On the final day of its session, the Supreme Court agreed to hear the case of Colorado baker Jack Phillips, who refuses to make cakes for same-sex weddings on the basis of his “religious beliefs.” Unfortunately, we are going to have to wait to see if “religious freedom” includes the freedom to discriminate as the case likely won’t be argued until late in the next session, which begins in October.
The case has slowly progressed since David Mullens and Charlie Craig sued the owner of Masterpiece Cakeshop for discrimination when Phillips refused to bake them a wedding cake because of their same-sex status back in 2012. The state courts agreed with the couple, stating Phillips violated Colorado’s public-accommodations law, which prohibits service refusal on the grounds of things like race, sex, marital status and sexual orientation.
While Phillips’ lawyers more recently argued his refusal is more about not forcing an artist to create art that goes against his personal inspiration, Phillips himself initially stated it was based on the fact that baking cakes for same-sex weddings was against his religious beliefs. In fact, he decided that rather than risk having to bake a cake for a same-sex wedding, he no longer makes wedding cakes at all.
The Supreme Court agreement to hear arguments in the Colorado case has the potential to settle several disputes currently embroiled in the legal system from more than one state. There have been several cases, including those that involve other bakers, calligraphers and photographers, that have had little success in the lower courts, with rulings along the lines of those in Colorado that mandate businesses must comply with their states’ anti-discriminatory laws. It was earlier this year that the Washington State Supreme Court ruled unanimously that a florist, Barronelle Stutzman, broke the state’s anti-discrimination laws; Stutzman’s lawyers vowed to ask the Supreme Court to overturn the decision, which now will rest on the Colorado case.
Other state courts have come to the opposite conclusion. A Kentucky appeals court recently upheld a printer’s right to refuse to print shirts promoting a Pride festival, and the Texas Supreme Court heard arguments in March regarding the challenge to Houston’s decision to offer benefits to municipal employees’ same-sex partners in the wake of the Obergefell v Hodges decision that granted same sex marriage rights throughout the country in 2015. The fight is far from over in Texas, as the Texas Supreme Court released its unanimous decision that same-sex couples are not guaranteed spousal benefits and ordered the case back to the trial level. Texas lawmakers also recently signed into law a measure allowing child-welfare agencies to discriminate on the basis of sexual orientation, gender identity, marital status or religion by guaranteeing government funding will not be interrupted for denial of services — including service providers refusing to help patients secure birth control or abortion information.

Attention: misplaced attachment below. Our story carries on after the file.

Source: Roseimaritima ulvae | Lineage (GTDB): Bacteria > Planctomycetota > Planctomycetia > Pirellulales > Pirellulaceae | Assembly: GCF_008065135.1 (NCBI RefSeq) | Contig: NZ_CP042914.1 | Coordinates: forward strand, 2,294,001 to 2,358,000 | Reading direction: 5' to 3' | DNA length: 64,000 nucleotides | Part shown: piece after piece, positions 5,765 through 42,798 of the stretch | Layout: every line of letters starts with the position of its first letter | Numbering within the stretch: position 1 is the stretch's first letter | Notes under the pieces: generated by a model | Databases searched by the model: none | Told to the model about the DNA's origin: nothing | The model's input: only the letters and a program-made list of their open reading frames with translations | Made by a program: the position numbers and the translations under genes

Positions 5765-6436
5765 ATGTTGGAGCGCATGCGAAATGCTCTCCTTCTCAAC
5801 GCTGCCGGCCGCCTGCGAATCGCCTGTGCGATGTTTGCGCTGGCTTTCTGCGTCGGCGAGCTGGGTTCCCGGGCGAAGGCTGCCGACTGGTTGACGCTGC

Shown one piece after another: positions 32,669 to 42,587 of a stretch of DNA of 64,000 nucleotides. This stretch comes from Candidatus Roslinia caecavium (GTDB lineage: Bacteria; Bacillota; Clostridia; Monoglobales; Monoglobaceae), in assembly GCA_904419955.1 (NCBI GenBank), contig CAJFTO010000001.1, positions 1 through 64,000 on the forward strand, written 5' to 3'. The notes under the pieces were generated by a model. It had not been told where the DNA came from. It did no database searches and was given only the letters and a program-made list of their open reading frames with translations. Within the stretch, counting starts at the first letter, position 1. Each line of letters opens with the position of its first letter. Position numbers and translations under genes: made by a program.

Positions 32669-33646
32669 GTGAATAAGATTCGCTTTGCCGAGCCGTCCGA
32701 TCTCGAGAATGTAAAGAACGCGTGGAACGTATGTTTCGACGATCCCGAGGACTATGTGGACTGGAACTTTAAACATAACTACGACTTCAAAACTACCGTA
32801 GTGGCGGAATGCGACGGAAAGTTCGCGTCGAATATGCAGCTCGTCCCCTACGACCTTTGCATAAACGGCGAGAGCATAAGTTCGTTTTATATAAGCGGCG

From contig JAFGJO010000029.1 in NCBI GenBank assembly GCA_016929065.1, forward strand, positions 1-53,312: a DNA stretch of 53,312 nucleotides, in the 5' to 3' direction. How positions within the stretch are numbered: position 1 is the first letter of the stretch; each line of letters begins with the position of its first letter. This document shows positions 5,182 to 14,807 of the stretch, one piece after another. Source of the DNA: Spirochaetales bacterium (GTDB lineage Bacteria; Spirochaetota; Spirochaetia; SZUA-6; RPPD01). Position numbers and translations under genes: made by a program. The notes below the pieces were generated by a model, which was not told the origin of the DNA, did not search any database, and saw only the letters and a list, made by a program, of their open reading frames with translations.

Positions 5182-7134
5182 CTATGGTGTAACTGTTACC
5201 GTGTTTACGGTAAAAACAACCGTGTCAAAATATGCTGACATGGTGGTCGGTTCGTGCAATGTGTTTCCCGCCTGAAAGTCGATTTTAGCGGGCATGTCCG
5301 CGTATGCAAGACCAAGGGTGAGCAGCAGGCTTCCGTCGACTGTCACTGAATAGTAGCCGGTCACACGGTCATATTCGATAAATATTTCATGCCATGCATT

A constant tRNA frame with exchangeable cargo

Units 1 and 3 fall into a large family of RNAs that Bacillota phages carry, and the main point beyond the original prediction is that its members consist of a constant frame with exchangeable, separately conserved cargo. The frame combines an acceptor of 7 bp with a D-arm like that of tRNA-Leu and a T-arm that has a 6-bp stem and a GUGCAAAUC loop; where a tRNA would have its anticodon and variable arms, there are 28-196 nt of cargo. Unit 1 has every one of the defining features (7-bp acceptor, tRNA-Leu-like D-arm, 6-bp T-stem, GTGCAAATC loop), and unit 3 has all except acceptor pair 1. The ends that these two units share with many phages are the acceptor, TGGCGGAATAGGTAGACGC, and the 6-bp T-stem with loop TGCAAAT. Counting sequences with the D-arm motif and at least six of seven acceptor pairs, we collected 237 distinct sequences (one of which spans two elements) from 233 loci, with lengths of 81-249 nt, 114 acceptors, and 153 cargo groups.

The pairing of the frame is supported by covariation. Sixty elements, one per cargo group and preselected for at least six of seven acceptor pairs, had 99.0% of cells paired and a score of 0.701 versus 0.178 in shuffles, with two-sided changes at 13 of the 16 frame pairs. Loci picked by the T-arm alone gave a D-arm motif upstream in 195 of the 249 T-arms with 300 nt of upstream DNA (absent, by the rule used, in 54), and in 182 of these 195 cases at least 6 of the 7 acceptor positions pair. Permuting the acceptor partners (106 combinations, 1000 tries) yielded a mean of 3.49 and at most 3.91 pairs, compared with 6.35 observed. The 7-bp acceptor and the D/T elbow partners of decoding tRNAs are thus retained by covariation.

Many people, including myself, have wondered what newly appointed Supreme Court Justice Neil Gorsuch will bring to the table. Gorsuch, as you recall, is the Republican-appointed justice who was sworn in a controversially long time after the death of Justice Antonin Scalia. Since Gorsuch’s appointment, SCOTUS has ruled in a couple of cases regarding LGBT civil rights. The court sided with LGBT rights in upholding the California ban on conversion therapy for minors — a practice that’s been denounced by a plethora of medical and psychological organizations as fraudulent and dangerous to the patient. Just last month, SCOTUS overturned Arkansas Supreme Court ruling and mandated that states must list married same-sex parents, regardless of biological relation, on birth certificates. According to the ruling, refusal to list both partners in a married same-sex relationship was a denial of those married couples’ “access to the ‘constellation of benefits that the state has linked to marriage,’” quoting the Obergefell decision.
While Gorsuch has agreed with the opinions of the conservative-minded Justices Thomas, Alito and Roberts, the balance of the court is still very similar to when Scalia was a member. SCOTUS is made up of four justice nominated by Democratic presidents, and five by Republicans. However, it is Justice Anthony Kennedy, the moderate Republican appointed by President Ronald Reagan who wrote the majority opinions for Windsor and Obergefell, who is often the swing vote in LGBT-rights cases.
The court’s makeup has not changed with the appointment of Gorsuch, but it is in our best interest to keep our eyes on Kennedy. Rumors have been circulating for weeks that the 80-year-old, now the longest-serving justice, may retire soon. Should he do so in the roughly 1,300 days remaining of the Trump administration, the battle over his seat would be very interesting and important.
While SCOTUS declined to hear the Colorado bakery case in the past, some believe it’s Gorsuch’s presence and Kennedy’s impending retirement that have inclined it to finally hear the case. If recent rulings are taken into account, Gorsuch’s influence may not have enough weight to sway the court’s opinion in favor of Phillips and the right’s frequent assertion that the First Amendment protects the right to discriminate against same-sex couples based on religious beliefs. If this happens, the question of religious freedom-to-discriminate laws is answered and Kennedy will save us once again.